Walker’s credibility was tarnished when he got “punked,” as they say these days, into believing that he was conversing with David Koch, when he was actually talking to Ian Murphy, a blogger from Buffalo, New York.  The “confidential” twenty-minute conversation revealed that Walker planned to use layoffs of state workers as a tool to push for getting his way, and also captured him agreeing to quid quo pro arrangements with “David Koch.” Both are illegal under Wisconsin ethics laws–but the state Attorney General is a Republican, so don’t hold your breath.

Since conservative pranksters had been responsible for at least two well-publicized media stunts–the “how do we start a whorehouse?” ACORN video and the spurious trashing of Shirley Sherrod, Republicans could hardly complain about it when one of their own got fooled.  Unlike Republican efforts, Murphy didn’t  have to edit their conversation in order for Walker to make a fool of himself. While Walker  claimed that the tape didn’t reveal anything he hadn’t said in public, it did.  Beyond the potential ethics violations, Walker fantasized about “taking a baseball bat” to his political opponents.  A Deputy Attorney General in Indiana who suggested using live ammunition against the protesters in Wisconsin was fired; why should it be any different for a governor who threatens violence against peaceful demonstrators?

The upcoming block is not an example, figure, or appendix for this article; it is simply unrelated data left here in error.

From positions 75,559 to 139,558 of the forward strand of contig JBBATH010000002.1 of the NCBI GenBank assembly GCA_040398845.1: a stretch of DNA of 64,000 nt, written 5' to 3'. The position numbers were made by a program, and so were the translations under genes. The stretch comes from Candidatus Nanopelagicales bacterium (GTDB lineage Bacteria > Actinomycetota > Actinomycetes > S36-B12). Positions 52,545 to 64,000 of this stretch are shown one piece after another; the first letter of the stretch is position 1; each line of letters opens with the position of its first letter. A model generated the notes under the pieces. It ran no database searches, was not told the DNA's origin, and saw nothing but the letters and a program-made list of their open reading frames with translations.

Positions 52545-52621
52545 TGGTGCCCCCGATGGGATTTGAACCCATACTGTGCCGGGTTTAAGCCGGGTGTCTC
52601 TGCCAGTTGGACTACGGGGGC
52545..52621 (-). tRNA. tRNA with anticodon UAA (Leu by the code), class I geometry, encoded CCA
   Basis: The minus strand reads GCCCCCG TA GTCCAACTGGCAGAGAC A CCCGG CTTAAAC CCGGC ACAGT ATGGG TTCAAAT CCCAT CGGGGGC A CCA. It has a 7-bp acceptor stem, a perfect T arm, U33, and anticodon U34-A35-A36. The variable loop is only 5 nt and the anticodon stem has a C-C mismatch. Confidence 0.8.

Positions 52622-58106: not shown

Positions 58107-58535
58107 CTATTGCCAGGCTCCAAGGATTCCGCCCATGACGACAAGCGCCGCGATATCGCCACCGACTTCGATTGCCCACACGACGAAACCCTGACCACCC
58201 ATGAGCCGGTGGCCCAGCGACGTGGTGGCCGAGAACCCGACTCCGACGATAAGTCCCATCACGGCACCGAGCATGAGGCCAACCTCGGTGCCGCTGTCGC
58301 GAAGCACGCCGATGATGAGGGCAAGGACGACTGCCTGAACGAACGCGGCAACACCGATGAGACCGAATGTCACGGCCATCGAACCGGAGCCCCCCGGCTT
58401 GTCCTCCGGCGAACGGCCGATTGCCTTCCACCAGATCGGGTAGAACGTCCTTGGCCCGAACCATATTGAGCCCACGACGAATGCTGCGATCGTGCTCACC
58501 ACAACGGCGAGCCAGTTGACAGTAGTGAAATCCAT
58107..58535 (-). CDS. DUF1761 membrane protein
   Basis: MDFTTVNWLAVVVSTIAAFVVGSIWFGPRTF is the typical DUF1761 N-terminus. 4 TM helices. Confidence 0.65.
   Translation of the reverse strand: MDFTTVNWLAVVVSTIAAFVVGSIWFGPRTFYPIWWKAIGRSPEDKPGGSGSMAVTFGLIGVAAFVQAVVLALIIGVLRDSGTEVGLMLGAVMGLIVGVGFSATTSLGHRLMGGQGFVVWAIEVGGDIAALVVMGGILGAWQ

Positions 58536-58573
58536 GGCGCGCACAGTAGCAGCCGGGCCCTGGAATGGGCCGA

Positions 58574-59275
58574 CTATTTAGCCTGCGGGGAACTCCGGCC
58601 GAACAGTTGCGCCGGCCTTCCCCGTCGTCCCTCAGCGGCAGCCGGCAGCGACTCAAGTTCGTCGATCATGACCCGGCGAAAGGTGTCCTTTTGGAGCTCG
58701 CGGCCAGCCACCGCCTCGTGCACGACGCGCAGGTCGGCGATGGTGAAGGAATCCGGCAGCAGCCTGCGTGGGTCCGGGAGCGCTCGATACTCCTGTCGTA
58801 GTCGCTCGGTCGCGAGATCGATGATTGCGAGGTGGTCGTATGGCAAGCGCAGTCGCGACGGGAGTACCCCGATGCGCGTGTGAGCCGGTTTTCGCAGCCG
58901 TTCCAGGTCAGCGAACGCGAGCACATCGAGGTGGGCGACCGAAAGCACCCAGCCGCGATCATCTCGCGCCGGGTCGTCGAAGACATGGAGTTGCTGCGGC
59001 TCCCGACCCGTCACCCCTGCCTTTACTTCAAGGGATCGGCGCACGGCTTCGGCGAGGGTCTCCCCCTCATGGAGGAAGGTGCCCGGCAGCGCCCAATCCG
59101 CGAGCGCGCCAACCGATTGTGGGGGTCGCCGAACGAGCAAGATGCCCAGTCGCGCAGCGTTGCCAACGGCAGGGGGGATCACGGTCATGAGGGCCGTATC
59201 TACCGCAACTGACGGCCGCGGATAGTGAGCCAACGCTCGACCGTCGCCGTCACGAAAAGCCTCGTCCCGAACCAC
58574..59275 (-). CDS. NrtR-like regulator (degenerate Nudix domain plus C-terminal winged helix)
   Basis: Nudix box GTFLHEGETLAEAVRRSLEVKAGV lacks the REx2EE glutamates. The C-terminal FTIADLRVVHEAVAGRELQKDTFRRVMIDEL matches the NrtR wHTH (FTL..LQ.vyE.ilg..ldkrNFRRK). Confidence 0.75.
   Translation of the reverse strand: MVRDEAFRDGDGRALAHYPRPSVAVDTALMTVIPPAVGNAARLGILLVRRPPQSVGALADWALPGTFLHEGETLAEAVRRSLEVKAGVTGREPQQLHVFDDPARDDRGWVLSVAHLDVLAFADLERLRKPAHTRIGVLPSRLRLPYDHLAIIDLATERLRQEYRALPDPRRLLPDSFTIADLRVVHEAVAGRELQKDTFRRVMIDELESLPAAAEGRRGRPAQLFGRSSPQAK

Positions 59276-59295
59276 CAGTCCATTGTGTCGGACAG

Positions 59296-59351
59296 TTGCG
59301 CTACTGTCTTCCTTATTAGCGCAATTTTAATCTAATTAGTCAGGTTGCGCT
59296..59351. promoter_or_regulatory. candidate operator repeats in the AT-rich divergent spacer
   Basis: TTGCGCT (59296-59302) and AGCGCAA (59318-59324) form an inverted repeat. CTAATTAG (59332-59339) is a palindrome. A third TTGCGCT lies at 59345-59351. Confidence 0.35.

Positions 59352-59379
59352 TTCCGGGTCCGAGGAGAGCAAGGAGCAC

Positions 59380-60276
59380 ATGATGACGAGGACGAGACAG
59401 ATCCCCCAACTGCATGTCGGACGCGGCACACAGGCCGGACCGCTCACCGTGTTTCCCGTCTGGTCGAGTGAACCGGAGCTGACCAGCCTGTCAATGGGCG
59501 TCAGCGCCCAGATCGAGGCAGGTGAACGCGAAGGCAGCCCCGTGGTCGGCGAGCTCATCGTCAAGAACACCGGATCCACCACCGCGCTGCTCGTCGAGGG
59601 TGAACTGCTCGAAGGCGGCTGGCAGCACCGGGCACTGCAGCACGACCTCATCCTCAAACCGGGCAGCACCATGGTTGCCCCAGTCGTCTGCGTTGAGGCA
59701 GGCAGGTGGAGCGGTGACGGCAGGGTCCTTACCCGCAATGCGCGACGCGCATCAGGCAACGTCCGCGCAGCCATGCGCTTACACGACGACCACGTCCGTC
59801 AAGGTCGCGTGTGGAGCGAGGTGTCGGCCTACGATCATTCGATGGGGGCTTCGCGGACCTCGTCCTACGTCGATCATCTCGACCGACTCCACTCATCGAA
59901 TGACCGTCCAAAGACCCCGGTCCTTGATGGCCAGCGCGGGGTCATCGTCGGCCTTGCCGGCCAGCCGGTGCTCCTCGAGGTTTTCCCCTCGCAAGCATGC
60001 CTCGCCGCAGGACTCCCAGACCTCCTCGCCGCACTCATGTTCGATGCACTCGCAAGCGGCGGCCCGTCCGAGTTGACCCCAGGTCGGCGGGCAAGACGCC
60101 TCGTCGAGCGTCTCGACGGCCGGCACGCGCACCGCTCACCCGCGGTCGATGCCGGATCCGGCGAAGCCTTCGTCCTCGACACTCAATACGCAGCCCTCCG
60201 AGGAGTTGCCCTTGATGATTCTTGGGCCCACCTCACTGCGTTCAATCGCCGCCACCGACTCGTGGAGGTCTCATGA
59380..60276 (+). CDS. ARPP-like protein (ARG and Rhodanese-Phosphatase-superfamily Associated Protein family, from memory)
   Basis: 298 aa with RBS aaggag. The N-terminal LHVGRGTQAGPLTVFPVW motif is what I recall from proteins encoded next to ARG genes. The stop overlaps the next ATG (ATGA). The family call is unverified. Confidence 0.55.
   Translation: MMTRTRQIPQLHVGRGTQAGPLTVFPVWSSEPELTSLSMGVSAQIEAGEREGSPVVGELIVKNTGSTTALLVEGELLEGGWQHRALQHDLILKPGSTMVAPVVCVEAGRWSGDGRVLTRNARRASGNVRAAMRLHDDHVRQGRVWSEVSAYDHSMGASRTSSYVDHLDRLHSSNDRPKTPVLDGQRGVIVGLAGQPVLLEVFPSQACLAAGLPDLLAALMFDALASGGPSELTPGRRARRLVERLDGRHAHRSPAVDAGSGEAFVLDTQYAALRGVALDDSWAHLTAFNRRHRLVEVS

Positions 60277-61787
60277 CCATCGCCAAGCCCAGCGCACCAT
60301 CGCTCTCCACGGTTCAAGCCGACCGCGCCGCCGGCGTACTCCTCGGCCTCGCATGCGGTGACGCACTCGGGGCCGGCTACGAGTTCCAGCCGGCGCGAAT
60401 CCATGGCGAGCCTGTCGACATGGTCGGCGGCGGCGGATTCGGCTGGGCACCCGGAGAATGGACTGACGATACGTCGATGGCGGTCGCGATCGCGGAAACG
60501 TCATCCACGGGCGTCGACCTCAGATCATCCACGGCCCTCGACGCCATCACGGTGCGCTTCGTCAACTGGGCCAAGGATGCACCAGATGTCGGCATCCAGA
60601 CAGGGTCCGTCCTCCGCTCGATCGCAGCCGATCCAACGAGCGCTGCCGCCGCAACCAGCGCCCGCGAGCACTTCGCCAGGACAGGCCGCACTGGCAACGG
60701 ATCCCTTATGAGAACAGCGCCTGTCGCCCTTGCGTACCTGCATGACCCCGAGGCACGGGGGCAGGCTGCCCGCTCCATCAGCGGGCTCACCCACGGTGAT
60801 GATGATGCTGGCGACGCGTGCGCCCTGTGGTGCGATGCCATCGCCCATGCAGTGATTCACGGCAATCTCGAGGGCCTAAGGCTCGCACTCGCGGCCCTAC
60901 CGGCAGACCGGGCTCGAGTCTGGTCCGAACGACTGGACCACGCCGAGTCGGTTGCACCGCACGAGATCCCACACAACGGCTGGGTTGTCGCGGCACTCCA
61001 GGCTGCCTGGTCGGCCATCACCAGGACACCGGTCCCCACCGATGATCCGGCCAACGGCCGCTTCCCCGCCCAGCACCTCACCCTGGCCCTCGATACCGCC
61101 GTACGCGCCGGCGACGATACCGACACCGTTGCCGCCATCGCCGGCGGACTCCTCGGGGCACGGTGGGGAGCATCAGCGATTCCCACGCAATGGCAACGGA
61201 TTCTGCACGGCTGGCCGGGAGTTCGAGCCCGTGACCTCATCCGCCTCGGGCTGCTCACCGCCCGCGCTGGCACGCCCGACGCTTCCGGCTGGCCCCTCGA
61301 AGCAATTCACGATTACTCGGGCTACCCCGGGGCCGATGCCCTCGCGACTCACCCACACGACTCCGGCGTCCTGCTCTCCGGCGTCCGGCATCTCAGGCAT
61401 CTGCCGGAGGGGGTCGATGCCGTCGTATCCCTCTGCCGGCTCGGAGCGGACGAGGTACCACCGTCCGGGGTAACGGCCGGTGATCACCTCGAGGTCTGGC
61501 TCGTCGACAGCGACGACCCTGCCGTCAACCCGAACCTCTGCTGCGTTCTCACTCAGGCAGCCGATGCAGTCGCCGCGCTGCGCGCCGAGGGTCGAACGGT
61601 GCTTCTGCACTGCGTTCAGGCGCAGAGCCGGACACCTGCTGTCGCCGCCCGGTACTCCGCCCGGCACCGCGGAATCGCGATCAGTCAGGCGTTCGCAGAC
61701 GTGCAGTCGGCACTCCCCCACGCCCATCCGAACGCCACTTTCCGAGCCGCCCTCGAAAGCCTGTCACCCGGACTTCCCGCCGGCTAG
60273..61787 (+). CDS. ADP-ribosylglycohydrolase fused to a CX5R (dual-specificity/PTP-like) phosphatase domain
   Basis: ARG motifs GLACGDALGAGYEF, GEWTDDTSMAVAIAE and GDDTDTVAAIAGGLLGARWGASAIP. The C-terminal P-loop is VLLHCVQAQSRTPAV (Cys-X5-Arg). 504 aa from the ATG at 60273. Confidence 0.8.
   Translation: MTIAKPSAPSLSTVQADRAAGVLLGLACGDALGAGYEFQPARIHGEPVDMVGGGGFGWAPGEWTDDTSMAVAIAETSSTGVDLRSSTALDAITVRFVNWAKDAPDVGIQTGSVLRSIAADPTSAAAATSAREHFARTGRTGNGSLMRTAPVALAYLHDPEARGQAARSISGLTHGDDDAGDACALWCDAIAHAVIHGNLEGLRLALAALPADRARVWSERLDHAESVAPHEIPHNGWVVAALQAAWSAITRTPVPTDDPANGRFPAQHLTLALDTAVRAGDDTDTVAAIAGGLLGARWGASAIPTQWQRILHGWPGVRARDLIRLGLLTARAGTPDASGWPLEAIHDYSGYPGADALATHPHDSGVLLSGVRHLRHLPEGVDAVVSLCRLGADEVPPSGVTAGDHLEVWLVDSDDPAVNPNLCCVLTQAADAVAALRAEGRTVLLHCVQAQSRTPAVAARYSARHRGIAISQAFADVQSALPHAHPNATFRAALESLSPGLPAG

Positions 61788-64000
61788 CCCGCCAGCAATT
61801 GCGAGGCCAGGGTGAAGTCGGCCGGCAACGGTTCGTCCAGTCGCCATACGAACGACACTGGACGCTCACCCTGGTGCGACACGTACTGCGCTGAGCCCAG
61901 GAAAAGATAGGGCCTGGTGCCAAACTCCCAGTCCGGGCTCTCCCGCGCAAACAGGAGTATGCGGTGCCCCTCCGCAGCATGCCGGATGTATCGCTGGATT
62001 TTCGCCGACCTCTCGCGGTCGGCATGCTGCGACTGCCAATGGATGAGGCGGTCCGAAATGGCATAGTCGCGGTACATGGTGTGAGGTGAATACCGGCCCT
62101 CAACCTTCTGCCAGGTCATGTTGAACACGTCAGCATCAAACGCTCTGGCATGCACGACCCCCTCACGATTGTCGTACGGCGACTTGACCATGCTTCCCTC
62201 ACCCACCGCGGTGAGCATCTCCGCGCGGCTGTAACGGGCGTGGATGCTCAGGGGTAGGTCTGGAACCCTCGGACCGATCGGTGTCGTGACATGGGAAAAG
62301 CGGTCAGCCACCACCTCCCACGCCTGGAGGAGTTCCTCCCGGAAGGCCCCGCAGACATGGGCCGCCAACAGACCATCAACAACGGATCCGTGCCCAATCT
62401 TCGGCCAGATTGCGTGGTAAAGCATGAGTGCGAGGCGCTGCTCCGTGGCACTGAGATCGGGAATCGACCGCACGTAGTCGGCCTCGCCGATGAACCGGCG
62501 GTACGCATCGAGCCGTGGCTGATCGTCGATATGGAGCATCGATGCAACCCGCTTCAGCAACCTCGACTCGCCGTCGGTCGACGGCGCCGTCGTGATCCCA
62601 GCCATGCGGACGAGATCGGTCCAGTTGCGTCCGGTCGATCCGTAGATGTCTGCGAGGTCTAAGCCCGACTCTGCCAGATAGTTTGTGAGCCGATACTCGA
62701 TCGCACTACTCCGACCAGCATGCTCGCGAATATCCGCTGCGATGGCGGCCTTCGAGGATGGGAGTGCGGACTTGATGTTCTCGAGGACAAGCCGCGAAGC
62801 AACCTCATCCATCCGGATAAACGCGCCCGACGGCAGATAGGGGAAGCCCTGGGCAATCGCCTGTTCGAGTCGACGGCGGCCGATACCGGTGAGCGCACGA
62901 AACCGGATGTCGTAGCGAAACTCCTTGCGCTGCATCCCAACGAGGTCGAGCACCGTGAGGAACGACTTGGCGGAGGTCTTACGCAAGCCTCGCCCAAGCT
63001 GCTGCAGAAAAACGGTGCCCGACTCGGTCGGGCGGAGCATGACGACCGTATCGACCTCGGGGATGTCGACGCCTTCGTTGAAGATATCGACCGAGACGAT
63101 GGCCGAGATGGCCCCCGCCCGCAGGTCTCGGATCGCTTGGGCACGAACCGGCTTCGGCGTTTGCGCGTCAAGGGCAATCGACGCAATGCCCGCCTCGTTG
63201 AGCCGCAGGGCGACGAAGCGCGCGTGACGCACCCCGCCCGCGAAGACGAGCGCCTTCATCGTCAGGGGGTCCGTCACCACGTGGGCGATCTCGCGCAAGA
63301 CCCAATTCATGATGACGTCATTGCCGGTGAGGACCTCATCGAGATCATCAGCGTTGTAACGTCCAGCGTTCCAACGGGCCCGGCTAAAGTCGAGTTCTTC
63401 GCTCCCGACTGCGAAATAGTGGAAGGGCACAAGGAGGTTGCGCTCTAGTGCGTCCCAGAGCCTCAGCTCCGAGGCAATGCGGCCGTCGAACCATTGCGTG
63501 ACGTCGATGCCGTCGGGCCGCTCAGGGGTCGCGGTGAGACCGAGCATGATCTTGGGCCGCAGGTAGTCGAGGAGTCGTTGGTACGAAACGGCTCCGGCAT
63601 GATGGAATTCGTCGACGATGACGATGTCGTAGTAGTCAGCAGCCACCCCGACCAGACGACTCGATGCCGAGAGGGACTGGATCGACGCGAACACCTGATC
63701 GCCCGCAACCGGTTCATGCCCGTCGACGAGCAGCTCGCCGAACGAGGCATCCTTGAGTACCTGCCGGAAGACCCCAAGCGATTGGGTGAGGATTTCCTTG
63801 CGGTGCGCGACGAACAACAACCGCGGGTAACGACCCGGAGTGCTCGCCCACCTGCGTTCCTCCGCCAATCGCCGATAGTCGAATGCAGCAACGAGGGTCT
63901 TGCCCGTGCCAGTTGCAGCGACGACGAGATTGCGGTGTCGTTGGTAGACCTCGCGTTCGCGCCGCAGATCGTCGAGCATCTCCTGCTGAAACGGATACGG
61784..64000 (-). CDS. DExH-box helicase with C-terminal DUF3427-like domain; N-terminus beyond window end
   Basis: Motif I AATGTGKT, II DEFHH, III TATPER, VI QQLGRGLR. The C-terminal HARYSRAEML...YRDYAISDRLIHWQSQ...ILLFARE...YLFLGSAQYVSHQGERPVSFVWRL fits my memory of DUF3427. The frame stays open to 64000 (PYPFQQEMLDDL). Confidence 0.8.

This just in: the same so-called “conservative” who trashed ACORN recorded NPR exec Ron Schiller saying that

public opinion is driven by “this very large uneducated part of the population.”

and

“(Tea Partiers). believe in sort of white, middle-America, gun-toting.   I mean, it’s scary. They’re seriously racist, racist people.”

All of that’s true enough, but apparently telling the truth is enough to get you in trouble these days.  People don’t want to hear the truth.  It’s too hard on their precious, threatened egos and lifestyles.  Republicans hope to use this to cut NPR and PBS out of the federal budget, which will save each of us $1.43 a year.  Don’t let the prospect of so much additional wealth go to your head!  Defense spending, meanwhile, is costing each of us  $3,000 a year, but that’s sacrosanct. As so often happens, I digress….there are a million stories on the Naked Planet.